The planned DLA and Bird Semple merger has prompted me to look back at the economic drivers behind our decision to open a London office.
In 1987 McGrigor Donald was one of the first firms to establish a presence in two UK jurisdictions – England and Scotland.
The opportunity we had identified was threefold. Firstly, we had already established a strong position in the Scottish market. Our clients were growing with us and were increasingly looking to expand south of the border. We could see that cross-UK border corporate and commercial activity was generally on the increase.
Secondly, compelling research conducted by one of our major banking clients demonstrated that the market for corporate and commercial legal services in the City of London was 23 times greater than the entire Scottish market. Regional firms were experiencing a similar differential, although the proportionate difference was smaller – a well-known factor behind DLA’s decision to open its own London office.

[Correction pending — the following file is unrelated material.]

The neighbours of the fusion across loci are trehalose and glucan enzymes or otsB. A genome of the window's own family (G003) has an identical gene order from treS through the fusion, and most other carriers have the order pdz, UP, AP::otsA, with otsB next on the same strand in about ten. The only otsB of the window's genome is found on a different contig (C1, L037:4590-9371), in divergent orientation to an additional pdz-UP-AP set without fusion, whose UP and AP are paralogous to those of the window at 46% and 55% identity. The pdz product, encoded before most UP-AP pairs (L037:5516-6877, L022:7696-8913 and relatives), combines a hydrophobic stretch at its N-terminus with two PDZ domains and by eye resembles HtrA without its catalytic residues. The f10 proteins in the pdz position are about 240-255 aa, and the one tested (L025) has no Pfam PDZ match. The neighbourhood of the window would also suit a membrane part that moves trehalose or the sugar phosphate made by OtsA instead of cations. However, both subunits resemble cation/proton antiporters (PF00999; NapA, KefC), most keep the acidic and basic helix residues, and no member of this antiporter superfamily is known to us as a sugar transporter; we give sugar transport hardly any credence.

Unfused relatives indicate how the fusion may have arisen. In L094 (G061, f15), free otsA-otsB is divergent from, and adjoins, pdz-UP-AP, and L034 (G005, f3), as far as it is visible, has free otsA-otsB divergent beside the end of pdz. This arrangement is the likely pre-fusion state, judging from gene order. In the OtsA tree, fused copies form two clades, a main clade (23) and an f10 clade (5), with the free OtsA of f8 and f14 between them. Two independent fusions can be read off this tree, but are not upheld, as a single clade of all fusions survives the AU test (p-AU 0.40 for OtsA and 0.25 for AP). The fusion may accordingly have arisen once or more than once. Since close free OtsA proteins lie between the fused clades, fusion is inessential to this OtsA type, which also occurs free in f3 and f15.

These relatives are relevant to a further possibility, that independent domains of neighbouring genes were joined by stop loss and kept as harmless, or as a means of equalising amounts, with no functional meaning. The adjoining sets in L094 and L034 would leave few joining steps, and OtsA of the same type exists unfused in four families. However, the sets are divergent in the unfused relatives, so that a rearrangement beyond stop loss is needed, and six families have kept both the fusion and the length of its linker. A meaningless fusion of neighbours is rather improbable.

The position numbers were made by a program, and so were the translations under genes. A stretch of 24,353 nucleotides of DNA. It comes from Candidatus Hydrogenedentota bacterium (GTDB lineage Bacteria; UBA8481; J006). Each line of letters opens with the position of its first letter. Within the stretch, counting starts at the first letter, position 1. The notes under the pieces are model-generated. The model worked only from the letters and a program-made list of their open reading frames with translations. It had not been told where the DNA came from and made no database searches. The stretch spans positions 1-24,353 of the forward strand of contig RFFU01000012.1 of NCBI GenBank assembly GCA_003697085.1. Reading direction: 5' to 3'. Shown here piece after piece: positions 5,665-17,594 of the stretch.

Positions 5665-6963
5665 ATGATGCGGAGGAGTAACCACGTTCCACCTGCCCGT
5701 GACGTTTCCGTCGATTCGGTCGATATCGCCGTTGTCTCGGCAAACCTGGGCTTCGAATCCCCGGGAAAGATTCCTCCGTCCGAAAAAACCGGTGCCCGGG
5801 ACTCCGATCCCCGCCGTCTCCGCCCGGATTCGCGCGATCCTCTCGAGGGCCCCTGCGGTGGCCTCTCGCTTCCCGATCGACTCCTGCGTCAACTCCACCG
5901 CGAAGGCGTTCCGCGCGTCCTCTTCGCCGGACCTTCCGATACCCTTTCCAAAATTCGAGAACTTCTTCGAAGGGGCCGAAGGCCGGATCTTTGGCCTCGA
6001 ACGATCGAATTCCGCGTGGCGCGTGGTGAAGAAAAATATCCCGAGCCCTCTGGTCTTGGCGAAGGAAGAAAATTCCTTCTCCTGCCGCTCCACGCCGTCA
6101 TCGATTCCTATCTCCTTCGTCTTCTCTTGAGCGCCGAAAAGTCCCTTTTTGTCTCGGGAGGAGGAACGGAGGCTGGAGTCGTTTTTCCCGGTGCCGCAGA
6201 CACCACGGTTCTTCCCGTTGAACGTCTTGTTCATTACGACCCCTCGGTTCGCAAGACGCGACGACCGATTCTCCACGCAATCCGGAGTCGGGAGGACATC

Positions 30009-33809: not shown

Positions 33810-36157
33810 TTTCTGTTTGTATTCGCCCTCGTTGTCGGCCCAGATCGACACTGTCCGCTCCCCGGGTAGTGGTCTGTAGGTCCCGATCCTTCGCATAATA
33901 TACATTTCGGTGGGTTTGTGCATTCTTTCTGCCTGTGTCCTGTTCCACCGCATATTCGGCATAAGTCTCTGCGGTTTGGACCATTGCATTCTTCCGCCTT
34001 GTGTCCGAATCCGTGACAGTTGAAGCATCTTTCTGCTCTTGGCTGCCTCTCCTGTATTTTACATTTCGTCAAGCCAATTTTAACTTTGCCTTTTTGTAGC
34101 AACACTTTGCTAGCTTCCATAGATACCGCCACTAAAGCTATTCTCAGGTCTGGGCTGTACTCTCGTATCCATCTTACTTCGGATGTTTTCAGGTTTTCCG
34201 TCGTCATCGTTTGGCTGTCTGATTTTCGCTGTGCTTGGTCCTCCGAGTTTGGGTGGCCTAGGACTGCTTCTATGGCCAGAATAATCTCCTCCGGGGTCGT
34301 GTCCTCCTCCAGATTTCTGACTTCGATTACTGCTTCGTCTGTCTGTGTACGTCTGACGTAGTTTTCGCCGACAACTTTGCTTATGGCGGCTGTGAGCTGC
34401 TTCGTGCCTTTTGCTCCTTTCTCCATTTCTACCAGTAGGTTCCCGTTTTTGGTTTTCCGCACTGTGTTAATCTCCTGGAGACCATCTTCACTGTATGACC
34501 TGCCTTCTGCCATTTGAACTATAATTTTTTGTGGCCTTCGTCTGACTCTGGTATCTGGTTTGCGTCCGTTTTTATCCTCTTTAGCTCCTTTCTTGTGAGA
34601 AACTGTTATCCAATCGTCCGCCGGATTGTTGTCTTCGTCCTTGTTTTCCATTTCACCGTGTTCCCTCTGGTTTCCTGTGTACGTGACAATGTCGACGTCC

The third motivation concerned our international ambitions. We realised that foreign clients would turn to London by default as an entry point to the UK markets and on the whole they did not appreciate the legal differences between the three UK jurisdictions.
But how much are these strategic drivers identified in 1987 still relevant to the markets and our business today? Certainly the proportionate difference between the legal markets in Scotland and London has, if anything, increased – as has the gap between regional and City markets.
As to the incidence of cross-UK border activity, more and more businesses are operating throughout the UK – or planning to. Look, for example, at the expansion trends of the retail sector. We receive instructions both from clients looking to expand northwards from an English base and southwards from Scotland.
With cross-UK border activity on the increase, we opened a Northern Ireland office at the beginning of the year to take further advantage of the trend.
One new aspect of this is work coming from venture capitalists, known as business angels.
Mirroring the US experience, the UK has seen a phenomenal rise in the number of angels backing business start-ups over the past 10 years.
Significant amounts of money comes from Scottish angels backing transactions in other parts of the UK.
As to work from abroad, foreign clients continue to look to London when entering UK markets and still prefer to conduct meetings out of London for any English-based transactions. Only last week our London office received a referral from a US firm concerning a transaction in Newcastle, which will be run almost entirely from London – a point that is no doubt familiar to DLA and Bird Semple.
Robert Glennie is senior partner at McGrigor Donald.